Necessity is the mother of invention, and very often comfort is the driving necessity that makes us invent. At least that was how it was for one Lloyd Nelson, who, in 1920, when struggling with the discomfort of an improvised Alaskan pack frame made from willow and sealskin, came up with a totally unique way to carry heavy loads in relative comfort.

In 1924 Nelson patented his idea and started commercially manufacturing his rigid pack boards with removable pack sacks. Prior to his design, there was a distinction between the pack sack and the frame: You either bought a sack to put your load in or a frame to lash your load on. Nelson’s design became the first external frame pack that wedded the pack sack to the frame in a way that had never been done before. The Trapper Nelson Indian Pack Board was born. It was not only the first, but it is perhaps the longest continuously manufactured pack of its kind.

Lloyd Nelson Pack

Prior to the Industrial Revolution in America, most items were handcrafted in the home workshop. Crafting was a cottage industry on a national scale that rivaled, in both quality and quantity, what was then being produced in factories. The home-crafting of camp and trail gear was no exception. If you could afford to get it, you might buy a piece of equipment, otherwise it was “make it yourself or do without.” The pack was one piece of equipment that underwent generations of home improvement, evolving along- side or improving upon commercial designs.

Among those pieces of gear manufactured at the setting of the “Golden Age” and the rise of the modern age, the Trapper Nelson is still recognized as an icon of the “old days.” The Trapper Nelson was a pack board, not a backpack. In fact, the compound word didn’t show up in the literature until the late 1940s and wasn’t commonly used until the late ’50s and ’60s.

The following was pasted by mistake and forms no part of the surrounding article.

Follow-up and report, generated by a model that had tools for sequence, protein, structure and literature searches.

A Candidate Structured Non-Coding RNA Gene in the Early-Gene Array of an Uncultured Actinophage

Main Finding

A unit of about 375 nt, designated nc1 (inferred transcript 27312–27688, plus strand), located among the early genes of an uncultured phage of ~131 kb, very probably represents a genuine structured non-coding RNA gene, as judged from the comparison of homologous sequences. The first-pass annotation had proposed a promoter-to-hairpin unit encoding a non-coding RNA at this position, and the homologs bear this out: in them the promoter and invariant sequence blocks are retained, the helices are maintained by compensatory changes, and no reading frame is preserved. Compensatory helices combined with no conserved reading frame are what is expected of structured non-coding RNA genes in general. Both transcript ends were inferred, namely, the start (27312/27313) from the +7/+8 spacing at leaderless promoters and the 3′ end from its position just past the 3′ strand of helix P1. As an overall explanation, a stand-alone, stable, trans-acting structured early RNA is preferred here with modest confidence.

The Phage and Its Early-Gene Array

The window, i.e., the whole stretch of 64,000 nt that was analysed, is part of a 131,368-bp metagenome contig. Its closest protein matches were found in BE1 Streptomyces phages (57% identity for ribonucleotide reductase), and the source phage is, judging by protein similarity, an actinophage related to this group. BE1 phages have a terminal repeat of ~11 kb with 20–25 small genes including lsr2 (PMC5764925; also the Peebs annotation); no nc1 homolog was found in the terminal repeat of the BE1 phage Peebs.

Frame pattern
Frame pattern


The classic style of tramping was with a canvas ruck- sack or canvas duffel lashed with a leather strap system or tumpline. Manufactured frames and rigid boards were still a ways off, although traditional woodcraft inventions had been used by woodsmen for generations. Then Mr. Nelson created his design from one of these woodcraft models, and it remained in popular use for decades. The Trapper Nelson is truly a holdover from the classic times.

In 1929 Nelson sold his company to the Trager family of Seattle, Washington, and an arrangement was later made for Jones Tent and Awning of Vancouver to make their Pioneer Brand of pack. The packs became popular among commercial users like the Forest Service and the Boy Scouts. Even though it’s not commonly seen in the classic catalogs or the writings of the day, its arrival in the last days of the Golden Age make it an item that we can still touch, thus allowing us a connection to the roots of classic style.

Materials List


  • Tapered counter sink
  • 1⁄2-inch Forsner bit
  • Drill
  • Hamme
  • Saw
  • Chisel


  • Machine screws
  • Lock nuts
  • Washers
  • Nails/brads
  • Sheet metal
  • Round rod (1/8 inch)
  • Grommet setting tool
  • Anvil
  • Ball-peen hammer
  • Rivet setting tool
  • Scissors
  • Eye screws (1 3/8 or 1 3/16)
  • 1x stock
  • Plywood (1⁄4 inch)
  • Grommets (1⁄4 inch and 1⁄2 inch)
  • Size 9 rivets and washers

Bag Materials:

  • Canvas
  • Edge binding
  • Pattern paper
  • Pins


  • Strap webbing
  • Leather
  • Buckles
  • Copper rivets

Pack Crafting

A finished Nelson trapper pack.

A workshop sponsored by Frost River Packs of Duluth, Minnesota, was held in Idaho at Woodsmoke in 2012 where we measured and replicated a vintage Trapper Nelson pack—a Trager #2. We cut 12 complete packs from a roll of Frost River’s amazing Martexin waxed canvas that they donated for the project. A measured pattern was made from the original Trager, making allowances for seams and grommet edges. We chose the #2 because the pattern had only one pocket flap and two side panels that could be made with as few seams as possible.